What's the deal with the ILC?

The Integrated Learning Component (ILC)

In addition to depth in a field (the major), breadth, and core competencies, the SLU curriculum requires integration of learning across courses and departments. Integrative learning helps students combine the benefits of the breadth and depth in their education by fostering synthetic understanding directed toward a particular question, topic, or theme. Real-world problems and phenomena cannot be fully understood from the perspective of any single academic discipline, but require investigation using multiple disciplinary tools or an interdisciplinary vantage point.

All students are required to complete an ILC through which they

a. Enhance their knowledge of a particular question, topic, or theme by bringing into conversation some combination of written, visual, artistic, experiential, or laboratory based inquiry; and

b. Use two or more ways of knowing and/or theoretical approaches to cultivate a more nuanced understanding of a particular question, topic or theme.

Students may meet the ILC requirement by completing any of the following:
• A cluster of 4 courses of at least one unit, each organized around a particular question, topic, or theme, selected in consultation with the academic advisor. The 4 courses must be from at least 2 different departments or programs and may include courses counted toward other general education requirements. The academic advisor must approve the student’s course cluster prior to graduation.
• A semester-long off-campus study program that has been approved by the Committee on International and Intercultural Studies (CIIS) as meeting the description of integrative learning above. By virtue of the structure and required curricula, these SLU-approved programs have been certified by CIIS as meeting the ILC learning goals for every student completing them.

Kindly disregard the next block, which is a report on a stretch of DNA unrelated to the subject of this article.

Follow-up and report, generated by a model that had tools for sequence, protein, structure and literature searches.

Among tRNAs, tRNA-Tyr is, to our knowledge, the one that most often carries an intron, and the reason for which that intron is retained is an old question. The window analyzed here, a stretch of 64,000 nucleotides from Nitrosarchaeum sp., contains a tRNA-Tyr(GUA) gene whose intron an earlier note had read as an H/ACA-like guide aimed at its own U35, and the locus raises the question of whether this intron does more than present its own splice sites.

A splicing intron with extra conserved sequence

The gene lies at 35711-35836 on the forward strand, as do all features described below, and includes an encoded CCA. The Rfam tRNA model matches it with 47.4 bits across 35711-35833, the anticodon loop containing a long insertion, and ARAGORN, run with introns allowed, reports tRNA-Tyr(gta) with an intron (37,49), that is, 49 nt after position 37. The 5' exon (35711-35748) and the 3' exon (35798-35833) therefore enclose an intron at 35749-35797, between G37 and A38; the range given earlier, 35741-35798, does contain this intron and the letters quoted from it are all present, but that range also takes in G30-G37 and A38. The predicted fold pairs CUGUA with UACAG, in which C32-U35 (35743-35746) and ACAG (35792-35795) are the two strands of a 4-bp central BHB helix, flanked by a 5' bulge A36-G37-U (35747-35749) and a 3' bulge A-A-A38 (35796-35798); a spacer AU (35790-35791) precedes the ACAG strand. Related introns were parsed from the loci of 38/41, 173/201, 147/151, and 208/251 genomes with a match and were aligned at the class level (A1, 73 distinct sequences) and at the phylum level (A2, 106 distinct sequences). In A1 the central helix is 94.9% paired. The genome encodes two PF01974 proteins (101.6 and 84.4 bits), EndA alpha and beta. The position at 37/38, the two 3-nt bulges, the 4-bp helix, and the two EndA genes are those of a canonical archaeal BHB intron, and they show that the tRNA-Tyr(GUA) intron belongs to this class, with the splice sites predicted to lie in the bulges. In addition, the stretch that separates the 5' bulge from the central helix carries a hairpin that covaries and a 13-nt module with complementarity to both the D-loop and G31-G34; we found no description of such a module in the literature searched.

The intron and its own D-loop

• A multi-field major or a major or minor approved by the Academic Affairs Committee as meeting the description of integrative learning above. A list of approved majors and minors can be found on the ILC completion form.

You can start thinking about your ILC theme as early as you wish. A good way to do so is to identify common course content across courses or questions that animate the content of different courses. You might develop your ILC theme out of a personal passion or area of interest, taking courses that reflect upon it from different disciplinary perspectives, so you come to understand it more deeply and complexly.

Once you have identified a question, topic, or theme uniting four courses you have taken and articulated the connections among them, or when you have completed a qualifying off-campus study program or major or minor, you must submit the ILC completion form to the registrar's office, which will certify your fulfillment of the requirement.